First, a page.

Following a strong start to 2019, Davis fell into the light end of a platoon when Todd Frazier reclaimed third base and Dominic Smith took the job in left field. With Smith sidelined, Davis has gotten another chance in the outfield. This time, he should keep starting for the long haul. He's hitting .307/.368/.511 with excellent Statcast numbers to support the breakout. As long the Mets can tolerate his limited defense, Davis looks poised to end 2019 as a deserving mixed-league mainstay.
44 Mark Canha (OAK - 1B,LF,CF,RF) 259 15 61 38.1 15.1 630.0 +371.0
Canha has hit 17 home runs with a 133 wRC+ to little fanfare. His walks are up (14.0%), and the lifelong platoon player is suddenly crushing fellow righties. Despite over-performing his Statcast numbers, the 30-year-old is still a sneaky add in deeper mixed leagues.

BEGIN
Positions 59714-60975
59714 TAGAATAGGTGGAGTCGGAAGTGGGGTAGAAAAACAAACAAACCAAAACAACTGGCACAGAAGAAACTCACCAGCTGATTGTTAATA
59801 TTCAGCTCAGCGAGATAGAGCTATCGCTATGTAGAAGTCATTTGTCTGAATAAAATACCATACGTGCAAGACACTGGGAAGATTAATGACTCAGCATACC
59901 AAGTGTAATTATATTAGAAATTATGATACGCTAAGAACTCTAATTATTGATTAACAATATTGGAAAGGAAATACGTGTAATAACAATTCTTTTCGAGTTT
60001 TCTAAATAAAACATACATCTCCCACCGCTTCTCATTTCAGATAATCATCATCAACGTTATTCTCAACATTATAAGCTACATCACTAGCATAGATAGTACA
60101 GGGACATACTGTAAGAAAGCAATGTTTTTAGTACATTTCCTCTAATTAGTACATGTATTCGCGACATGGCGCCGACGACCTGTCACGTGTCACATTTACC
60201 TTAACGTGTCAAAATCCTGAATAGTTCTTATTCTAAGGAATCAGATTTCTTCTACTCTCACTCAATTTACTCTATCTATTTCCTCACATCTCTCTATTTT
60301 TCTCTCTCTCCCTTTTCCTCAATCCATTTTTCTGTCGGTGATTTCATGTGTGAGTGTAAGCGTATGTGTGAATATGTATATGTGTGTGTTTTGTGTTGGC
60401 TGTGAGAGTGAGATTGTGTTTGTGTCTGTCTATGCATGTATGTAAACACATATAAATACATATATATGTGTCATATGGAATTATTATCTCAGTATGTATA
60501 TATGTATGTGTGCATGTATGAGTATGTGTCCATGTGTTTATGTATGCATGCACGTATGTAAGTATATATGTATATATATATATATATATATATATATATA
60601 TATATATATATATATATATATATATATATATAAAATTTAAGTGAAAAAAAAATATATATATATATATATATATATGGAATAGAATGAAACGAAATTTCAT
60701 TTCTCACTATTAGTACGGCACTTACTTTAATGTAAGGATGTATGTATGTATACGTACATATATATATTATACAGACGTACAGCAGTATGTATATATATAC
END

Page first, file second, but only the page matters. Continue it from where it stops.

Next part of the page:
45 Mitch Moreland (BOS - 1B) 362 28 56 45.4 7.0 401.0 +39.0
Boston placed Moreland on the IL on May 29 with a lower back strain. He was leading the Red Sox with 13 home runs, putting him two shy of 2018's tally in 78 more games, but was also batting just .228. After missing nearly two months, managers likely forgot about him. He's worth a look in deeper leagues, but it's not imperative to grab a career .250 hitter who has never tallied more than 23 homers in a season.
46 Derek Dietrich (CIN - 1B,LF) 276 24 60 44.0 10.3 532.0 +256.0
After clobbering 17 home runs through May, Dietrich has since collected 14 hits in June and July. The slump paired with Scooter Gennett return has sent him to the bench, and Josh VanMeter has taken over his role as a righty-masher stealing playing time across the diamond. It was fun while it lasted, but Dietrich should be dropped in all leagues.